These inventions are cleaning up plastic pollution, saving endangered marine life, and investigating climate change.
Plastic pollution, overfishing, and climate change are all taking an enormous toll on the planet’s life-support system. The oceans are acidifying, sea levels are rising, and coral reefs home to myriad fish species are dying.
But it’s not all doom and gloom.
Scientists, activists, and ordinary citizens are rallying to protect the oceans and pushing to make huge swaths of the most sensitive marine areas off-limits to oil and gas drilling and other potentially destructive developments. New technologies are proving crucial in that fight.
Here are five high-tech solutions that are helping to save the seas.
1. A Vacuum Cleaner for Ocean Plastic
When 17-year-old Boyan Slat went diving in Greece in 2011, he was frustrated to come across more plastic than fish. Last year, he founded The Ocean Cleanup, which has developed a technology to extract plastic pollution from the oceans. Here’s how it works: Ocean currents force plastics to accumulate in front of an array of solid floating barriers and platforms anchored to the seabed. That allows the trash to be retrieved for recycling while fish and other marine animals swim unimpeded under the barriers. Small-scale testing has been completed and the array is being ramped up for pilot testing, with full-scale deployment planned for 2019.
2. Oceangoing Robots
Dispatching ships to remote seas to investigate climate change and conduct other scientific research can cost tens of thousands of dollars a day and put crew members’ lives at risk. Better to send in the robots. Silicon Valley start-up Liquid Robotics makes the Wave Glider, an autonomous wave- and solar-powered robot that can traverse the world’s oceans, collecting and transmitting gigabytes of data on weather conditions and water temperature, chemistry, and quality. A fleet of the 250-pound, surfboard-size ’bots is roaming the seven seas, going where no robot has gone before.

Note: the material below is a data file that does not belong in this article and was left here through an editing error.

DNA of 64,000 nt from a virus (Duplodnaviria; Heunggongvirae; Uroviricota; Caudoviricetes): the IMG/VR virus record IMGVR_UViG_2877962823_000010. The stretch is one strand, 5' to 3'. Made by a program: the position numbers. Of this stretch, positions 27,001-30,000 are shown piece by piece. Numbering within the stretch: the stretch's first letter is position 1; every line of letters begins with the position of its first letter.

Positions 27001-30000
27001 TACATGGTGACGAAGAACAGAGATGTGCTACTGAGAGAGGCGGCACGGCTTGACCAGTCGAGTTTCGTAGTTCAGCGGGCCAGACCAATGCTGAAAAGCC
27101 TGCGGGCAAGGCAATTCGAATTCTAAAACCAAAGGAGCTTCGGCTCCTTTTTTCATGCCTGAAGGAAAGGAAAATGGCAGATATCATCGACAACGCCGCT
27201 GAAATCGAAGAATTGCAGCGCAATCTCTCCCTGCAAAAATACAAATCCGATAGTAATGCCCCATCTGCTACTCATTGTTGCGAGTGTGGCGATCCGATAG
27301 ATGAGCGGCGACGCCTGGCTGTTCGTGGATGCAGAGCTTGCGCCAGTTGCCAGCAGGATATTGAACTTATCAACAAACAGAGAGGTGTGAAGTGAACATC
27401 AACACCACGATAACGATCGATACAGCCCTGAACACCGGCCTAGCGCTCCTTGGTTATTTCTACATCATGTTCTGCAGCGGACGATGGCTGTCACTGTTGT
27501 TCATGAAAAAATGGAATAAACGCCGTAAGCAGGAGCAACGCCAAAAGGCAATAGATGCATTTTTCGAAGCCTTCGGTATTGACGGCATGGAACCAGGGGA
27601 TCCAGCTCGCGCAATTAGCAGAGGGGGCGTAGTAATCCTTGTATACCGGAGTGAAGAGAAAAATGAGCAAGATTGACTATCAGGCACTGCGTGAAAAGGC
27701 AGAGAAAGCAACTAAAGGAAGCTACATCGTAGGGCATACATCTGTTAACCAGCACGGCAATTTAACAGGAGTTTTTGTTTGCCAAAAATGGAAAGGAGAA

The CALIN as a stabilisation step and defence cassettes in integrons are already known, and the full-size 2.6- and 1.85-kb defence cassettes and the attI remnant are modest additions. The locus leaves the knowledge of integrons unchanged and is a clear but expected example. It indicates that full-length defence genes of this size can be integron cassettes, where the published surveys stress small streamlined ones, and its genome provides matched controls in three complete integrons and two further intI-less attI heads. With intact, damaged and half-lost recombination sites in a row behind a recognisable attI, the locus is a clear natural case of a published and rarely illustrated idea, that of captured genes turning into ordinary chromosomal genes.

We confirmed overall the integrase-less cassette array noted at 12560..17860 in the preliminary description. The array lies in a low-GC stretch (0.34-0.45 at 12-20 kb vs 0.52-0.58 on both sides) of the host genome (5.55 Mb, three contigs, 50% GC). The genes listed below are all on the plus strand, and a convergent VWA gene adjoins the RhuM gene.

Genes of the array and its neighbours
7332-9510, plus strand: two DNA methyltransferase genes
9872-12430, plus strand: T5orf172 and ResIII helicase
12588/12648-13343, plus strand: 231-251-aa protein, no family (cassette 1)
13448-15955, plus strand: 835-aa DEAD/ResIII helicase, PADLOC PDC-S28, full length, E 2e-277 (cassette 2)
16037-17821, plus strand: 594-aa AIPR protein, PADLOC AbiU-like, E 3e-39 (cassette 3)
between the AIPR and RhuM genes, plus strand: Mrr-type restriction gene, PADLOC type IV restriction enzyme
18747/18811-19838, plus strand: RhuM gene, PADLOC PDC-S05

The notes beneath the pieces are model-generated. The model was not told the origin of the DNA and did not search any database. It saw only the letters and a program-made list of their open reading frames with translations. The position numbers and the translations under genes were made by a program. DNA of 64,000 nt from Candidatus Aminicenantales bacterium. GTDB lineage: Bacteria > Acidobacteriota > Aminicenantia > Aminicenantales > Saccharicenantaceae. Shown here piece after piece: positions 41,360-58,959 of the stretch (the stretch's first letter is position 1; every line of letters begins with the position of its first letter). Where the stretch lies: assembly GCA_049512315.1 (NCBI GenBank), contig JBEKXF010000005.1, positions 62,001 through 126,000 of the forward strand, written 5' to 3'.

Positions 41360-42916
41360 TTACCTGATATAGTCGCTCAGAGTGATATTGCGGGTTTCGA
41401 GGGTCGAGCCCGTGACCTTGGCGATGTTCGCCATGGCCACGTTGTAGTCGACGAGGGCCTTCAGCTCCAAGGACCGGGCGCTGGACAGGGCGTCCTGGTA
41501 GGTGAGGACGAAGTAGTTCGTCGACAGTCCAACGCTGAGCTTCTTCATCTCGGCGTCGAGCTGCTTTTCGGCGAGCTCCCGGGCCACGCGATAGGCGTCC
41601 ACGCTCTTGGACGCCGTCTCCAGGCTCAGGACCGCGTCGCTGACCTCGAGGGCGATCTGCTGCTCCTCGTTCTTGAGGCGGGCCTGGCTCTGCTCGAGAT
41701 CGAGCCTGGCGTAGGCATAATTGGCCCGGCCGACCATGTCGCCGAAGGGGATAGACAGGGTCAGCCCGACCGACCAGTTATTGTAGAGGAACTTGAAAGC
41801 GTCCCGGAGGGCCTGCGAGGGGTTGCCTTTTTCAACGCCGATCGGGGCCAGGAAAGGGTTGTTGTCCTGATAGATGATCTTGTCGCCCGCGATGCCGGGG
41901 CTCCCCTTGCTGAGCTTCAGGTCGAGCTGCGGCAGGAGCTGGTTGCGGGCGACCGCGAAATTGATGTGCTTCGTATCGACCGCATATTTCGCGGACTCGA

3. Safety Nets for Sea Life
Every year, billions of pounds of marine animals are inadvertently caught in fishing nets pulled by trawlers. Commercial fishing operators also throw out tons of good fish when their haul exceeds quotas. To help reduce all that loss of marine life, a British designer has invented theSafetyNet. The net is studded with blinking LED rings that guide juvenile fish to the openings so they can escape when they accidentally get caught. A larger mesh panel allows unwanted bottom-dwelling species to escape through bigger holes. Existing fishing nets can also be retrofitted with the LED rings.
4. Deep Ocean Explorers
We’ve moved on from the days of manned submersibles to explore the mysteries of the ocean to remotely operated vehicles that are highly maneuverable and can be controlled by crews on board a vessel. Equipped with robotic arms, lights, cameras, sensors, and sampling devices, ROVs can go where it’s too remote, expensive, or dangerous for scientists to venture to discover new marine life and investigate the impact of humans.
5. Tuna Tagging
Sushi lovers have made bluefin tuna so valuable that it isn’t just overfished; it has experienced a 95 percent drop in population in the last few decades. In an effort to track bluefin tuna movements and understand their behavior to better guide conservation efforts, scientists have developed tagging technology that the Monterey Bay Aquarium humorously calls “fish and chips.” Biologists implant electronic tags into the bellies of the tuna that collect data on the fishes’ movements, body temperature, and other details. Anglers who catch the fish can return the tag for a $1,000 reward. Satellite tags are attached to tuna with dart guns and are programmed to detach from the fish. Beachgoers and fishers who find and return the tag are given a $500 reward.
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